Last night, the Temple Student Government Senate met in Student Center room 200C for a rather brief session.
Comprising majority of the people present, accompanied by the Elections Commission and a few other students, senators were given a chance to speak openly before the Senate.
During this, Senator for the College of Health Professions Frances Udukwu informed the Senate of a recent death of a student from her school.
Gina Clarke-Lewis, 27, was found shot outside her apartment in Lindenwold, N.J., on Friday night.
Udukwu said that Clarke-Lewis was in her last semester at Temple University and has a younger sister who also attends Temple.
Udukwu added that Temple would be providing a shuttle service for Clarke-Lewis’ funeral on Tuesday and Wednesday before asking the room to take a moment of silence to honor her.
Senator for the College of Engineering Kyle Goldstein informed the Senate that students in his college have made complaints regarding fellow students smoking in a stairwell in the School of Engineering and Architecture building.
Goldstein said that despite contacting the Temple Police on this matter, he was informed that the no action could be taken without hard evidence.
Senator for the College of Education Monica Rindfleisch stood to discuss what she views as a problematic issue with current Temple policy.
Rindfleisch said that Temple’s sexual assault and sexual harassment policies were last updated more than a decade ago in 1999.
Rindfleisch asked her fellow senators to join her in preparing a proposal to change and update this policy to reflect the present-day students’ needs.
Like Rindfleisch, Senator for the College of Education Natalie Ramos-Castillo requested that her fellow senators help her in a matter regarding student safety.
Ramos-Castillo explained student reports of a fire in Barton Hall last Monday [March 22], sometime around 2 p.m., and the failure of fire alarms in the building to go off.
Ramos-Castillo asked her fellow senators to talk to students to help find any truth in this matter to ensure student protection in the future.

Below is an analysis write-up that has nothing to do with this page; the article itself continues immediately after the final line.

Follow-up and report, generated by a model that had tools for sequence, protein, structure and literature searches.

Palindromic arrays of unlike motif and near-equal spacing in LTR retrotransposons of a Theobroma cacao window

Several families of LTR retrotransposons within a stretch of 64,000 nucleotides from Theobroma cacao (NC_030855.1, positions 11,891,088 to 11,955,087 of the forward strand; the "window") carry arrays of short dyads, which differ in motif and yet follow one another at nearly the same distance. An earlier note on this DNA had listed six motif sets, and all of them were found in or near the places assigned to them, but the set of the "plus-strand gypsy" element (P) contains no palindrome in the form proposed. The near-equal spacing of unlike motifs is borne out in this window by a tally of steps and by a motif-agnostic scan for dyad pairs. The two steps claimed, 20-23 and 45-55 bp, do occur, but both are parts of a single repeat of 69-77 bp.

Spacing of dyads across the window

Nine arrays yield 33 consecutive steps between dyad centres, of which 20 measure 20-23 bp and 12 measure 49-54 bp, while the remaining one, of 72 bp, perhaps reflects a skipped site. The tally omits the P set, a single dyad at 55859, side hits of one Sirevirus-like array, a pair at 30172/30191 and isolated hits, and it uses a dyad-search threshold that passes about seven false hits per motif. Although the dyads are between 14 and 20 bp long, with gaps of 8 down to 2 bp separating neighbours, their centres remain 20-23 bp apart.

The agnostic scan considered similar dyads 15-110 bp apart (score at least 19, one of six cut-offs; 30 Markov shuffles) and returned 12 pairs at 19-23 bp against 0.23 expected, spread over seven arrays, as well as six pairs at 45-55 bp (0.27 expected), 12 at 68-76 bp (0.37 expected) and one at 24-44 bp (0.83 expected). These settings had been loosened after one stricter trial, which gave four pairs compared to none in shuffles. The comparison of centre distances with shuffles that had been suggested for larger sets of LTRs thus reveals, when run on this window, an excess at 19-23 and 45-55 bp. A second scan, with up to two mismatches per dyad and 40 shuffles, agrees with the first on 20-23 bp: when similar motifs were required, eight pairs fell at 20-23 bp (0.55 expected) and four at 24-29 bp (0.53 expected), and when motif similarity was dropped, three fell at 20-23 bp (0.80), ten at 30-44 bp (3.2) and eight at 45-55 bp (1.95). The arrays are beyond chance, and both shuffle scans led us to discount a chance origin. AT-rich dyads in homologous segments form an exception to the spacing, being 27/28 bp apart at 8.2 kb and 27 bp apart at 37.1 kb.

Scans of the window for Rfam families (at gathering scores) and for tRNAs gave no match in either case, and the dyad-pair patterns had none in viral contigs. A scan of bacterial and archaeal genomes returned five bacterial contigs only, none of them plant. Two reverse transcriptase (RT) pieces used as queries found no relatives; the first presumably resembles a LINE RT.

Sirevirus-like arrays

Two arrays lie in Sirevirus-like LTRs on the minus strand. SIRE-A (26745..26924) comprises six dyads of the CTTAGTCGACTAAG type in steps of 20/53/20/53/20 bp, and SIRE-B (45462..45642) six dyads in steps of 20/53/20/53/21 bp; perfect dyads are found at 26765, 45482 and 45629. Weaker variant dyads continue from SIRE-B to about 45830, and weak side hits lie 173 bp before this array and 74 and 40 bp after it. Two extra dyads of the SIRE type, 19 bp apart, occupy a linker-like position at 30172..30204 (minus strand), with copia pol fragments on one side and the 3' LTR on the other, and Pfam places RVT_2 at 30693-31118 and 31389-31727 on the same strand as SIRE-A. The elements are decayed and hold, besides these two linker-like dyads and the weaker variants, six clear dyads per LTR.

Ramos-Castillo, who is also allocations chair, also made a much-rumored announcement that TSG allocations have indeed run out.
The senator added that applications are no longer being accepted for allocations and that any leftover money will go to already-handed-in applications.
As during the first debate for the campaigning election tickets, Ramos-Castillo, this time with Adviser Gina D’Annunzio, explained that the use of all allocations was a good thing.
D’Annunzio said that the $100,000 that TSG receives for allocations would most likely be cut, as it was last year, if it was not completely used.
There were a number of bills present for senate discussion, starting with first read legislation and following with second read.
The first bill discussed, known as the Jeff Dempsey Accountability, Efficiency and Transparency in Government Act of 2010, was presented by Senate President Colin Saltry and Senator of the College of Liberal Arts Kevin Gerard and was quickly motioned to go into second read.
The bill is intended to amend the current TSG bylaws and Senate rules, with one section designed to require TSG decisions to be communicated in “plain English” to be more understandable.
Goldstein presented a first-read piece, a resolution that encourages Facilities Management to reduce vehicle idling.
He explained that Temple-owned vehicles often idle for extended periods of time, most likely beyond the allowed time set forth by Philadelphia city codes.
This resolution, Goldstein said, would allow Temple to be more environmentally friendly and cost-conscious with gas prices.
After discussion, Goldstein’s resolution was motioned to the University Affairs Committee.
On the agenda as a second read, bill G10-11, an act amending the budgetary requirements of the elections code, was passed.
The act, presented by Rindfleisch, changed the budget dictated to the now-campaigning executive office tickets from $1,000 to $1,250.
This new budget, which includes the prices of gifts given to the tickets, limits the amount a ticket can use on campaigning to $1,250. Additionally, it requests that invoices filed with the Elections Commission accompany such gifts so commissioners can ensure that no ticket exceeds its budget.
With another Senate meeting of the year gone, a number of bills and issues discussed extensively, TSG prepares to find new leadership with both senate and executive elections briskly approaching.
Angelo Fichera can be reached at email@example.com.